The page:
Most people I know complain of travelling to the work place. It’s too long. The roads are bad (no, positively horrible). The drivers are rash.
Though I agree to all of it, somehow I don’t consider it to be too big a problem. Maybe it’s because I live in Mangalore (I travel two hours, or approximately 45 km daily), and not in some metro. And I don’t have any back problems. Even so, a lot of people still find this difficult.
I’ve always thought that these issues are common across India. No matter what city you live in you’d inevitably come across one or all of the above issues. It’s not like moving to another city would ensure better/easier/safer travel. Moving to a bigger city (that’s where most people want to head to, I assume) could only mean more problems. And how about being ‘stuck’ in traffic? I’d rather be in a moving vehicle for the one hour, than painfully crawl for 2-3 hours to an office that’s only 5 or 10 km away.
The only real problem I have with this is when I can’t get my things done and have to specially plan for it – paying bills, running errands, etc. Or the inflexibility of the set routine (if any sudden need arises). Everything gets pushed to the weekends.
Anyhow, those two hours in the bus is ‘me-time’. Though I often end up dozing off (especially in the morning), it’s nevertheless my time. I don’t read because reading in a moving vehicle makes me nauseous and gives me a headache. Listening to music is what most people do, but I can’t indulge in it too much because earphones aggravate my ear troubles. Talking on the phone is not really an option – I am not much of a phone person; besides, I’m not very keen on others passively listening to me (or thereby bothering them).
It’s just some quiet time spent reflecting (on the day – the ups and downs, life itself, memories, thoughts - that may find its way to a blog post, or not …) or simply looking out the window – at the sights and smells I’m familiar with.
These are some of them…
There is this Amul topicals billboard I look forward to every morning. They’re not always up-to-date and I know I might be missing out on some. Might as well look them up over here (or maybe in the newspaper). But I like to wait for it during my bus journey and see it right on the billboard. Helps me check if I’m aware of the context as well. (My GK sucks – Twitter is helping change that). They’re clever and ‘punny’ (provided you also know Hindi/old Hindi songs).
I love saris. So the display at PSR is something I never miss. They change them daily. Do I like any? Would I buy any? This one is so gorgeous! I can totally imagine wearing *that*. I’m sure mom would love this one! Fun to think this way, even though I have no plans of purchasing. After all, no harm in some window-shopping – even if you’re in a bus and get less than 20 seconds to check them out!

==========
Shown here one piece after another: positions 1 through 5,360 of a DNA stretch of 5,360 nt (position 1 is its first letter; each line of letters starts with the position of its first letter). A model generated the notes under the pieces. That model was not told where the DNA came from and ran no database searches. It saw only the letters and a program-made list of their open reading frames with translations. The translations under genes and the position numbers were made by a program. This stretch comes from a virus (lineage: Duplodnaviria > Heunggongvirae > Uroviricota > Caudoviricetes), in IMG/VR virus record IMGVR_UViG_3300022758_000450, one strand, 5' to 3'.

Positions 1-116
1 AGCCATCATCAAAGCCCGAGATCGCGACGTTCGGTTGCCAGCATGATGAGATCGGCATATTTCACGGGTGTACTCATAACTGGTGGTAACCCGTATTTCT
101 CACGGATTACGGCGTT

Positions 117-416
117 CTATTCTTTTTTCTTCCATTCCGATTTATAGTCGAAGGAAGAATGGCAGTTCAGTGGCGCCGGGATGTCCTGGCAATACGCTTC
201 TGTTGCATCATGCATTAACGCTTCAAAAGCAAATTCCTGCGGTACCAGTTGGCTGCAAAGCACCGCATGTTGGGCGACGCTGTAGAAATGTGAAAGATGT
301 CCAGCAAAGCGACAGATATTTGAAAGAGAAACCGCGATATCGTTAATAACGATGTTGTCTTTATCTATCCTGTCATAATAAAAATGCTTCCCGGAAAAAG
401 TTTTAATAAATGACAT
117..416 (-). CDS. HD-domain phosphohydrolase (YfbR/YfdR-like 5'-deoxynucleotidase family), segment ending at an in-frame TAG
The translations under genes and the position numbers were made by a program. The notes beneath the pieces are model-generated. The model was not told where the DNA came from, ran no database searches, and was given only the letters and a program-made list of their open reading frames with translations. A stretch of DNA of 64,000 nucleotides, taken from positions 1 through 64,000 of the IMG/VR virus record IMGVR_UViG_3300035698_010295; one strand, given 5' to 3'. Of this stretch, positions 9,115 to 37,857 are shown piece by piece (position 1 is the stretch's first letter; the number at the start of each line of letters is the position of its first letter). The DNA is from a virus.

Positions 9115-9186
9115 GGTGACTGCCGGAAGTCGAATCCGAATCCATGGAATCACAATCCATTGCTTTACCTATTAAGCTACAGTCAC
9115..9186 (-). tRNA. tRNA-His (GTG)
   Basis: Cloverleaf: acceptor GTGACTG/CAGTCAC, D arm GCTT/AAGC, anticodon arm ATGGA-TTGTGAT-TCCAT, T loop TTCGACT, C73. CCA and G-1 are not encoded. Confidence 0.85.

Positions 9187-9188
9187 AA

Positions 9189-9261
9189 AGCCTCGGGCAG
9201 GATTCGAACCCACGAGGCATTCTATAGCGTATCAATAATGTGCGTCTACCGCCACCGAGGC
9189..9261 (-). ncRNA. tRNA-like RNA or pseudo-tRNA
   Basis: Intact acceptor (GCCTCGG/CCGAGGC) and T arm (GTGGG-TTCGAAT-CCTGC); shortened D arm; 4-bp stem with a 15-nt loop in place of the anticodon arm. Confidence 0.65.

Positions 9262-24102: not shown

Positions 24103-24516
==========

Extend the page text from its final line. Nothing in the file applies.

The Nethravathi River is what defines the daily journey, being the almost-half way mark. Seeing the gentle waves shimmering in the sunshine (morning) to watching the silhouette of the railway bridge that runs parallel (evening) – it’s the most familiar sight and yet not boring. I remember the river being fuller and livelier when I joined office last year. Now there’s construction work (for the soon-to-be four-laned roads of NH 17 - or is it NH 66 now?) all around, and the water has become so shallow that I’m reminded of a satirical skit in one of the reality shows: a bridge in a Panchayat has been ‘under construction’ for several years together that when it finally gets inaugurated the villagers have just one request to the authorities – provide water in the river over which it was built!
The distinct thing about going over Nethravathi River is the smell. Most of the times it literally smells 'fishy', somehow. But at other times you can catch the distinct smell of the sea (Arabian Sea). And for me, that triggers childhood memories.
Speaking of smells, there is another inevitable one (also associated with my childhood) – shawarma/grilled chicken! What I’ve come to see of my stay at Mangalore is that it’s not too hard to find an eatery that provides shawarma/grilled chicken, as also ‘wine shops’. They’re aplenty, and there’s always one just around the corner! Shawarma/grilled chicken must be due to the “Gulf” connection, as also the fact that there are a lot of Malayalis around. (Even during my stay at Mysore what I observed was that the couple of places I visited for these Middle-Eastern delights were owned/run by Keralites. We love them, don’t we?) I’m yet to figure out why there are sooo many wine shops, though. I mean, you may or may not find a medical store, but a wine shop is a definite!
To be honest, there have been a few times when I’ve wished that I was working at the office in the city. That way I don’t have to wake up early, I could prepare my own meals (breakfast/lunch), I could walk to office and save on transportation… But all that is beside the point.
Why think that way when I know it’s not the case? We all have trouble accepting a situation. And tend to overplay/exaggerate it in our heads. That is when all the frustration and dissatisfaction begins. Things maybe bad, but it ain’t all that bad either.
So, how about you? What are the sights and smells during your daily travel?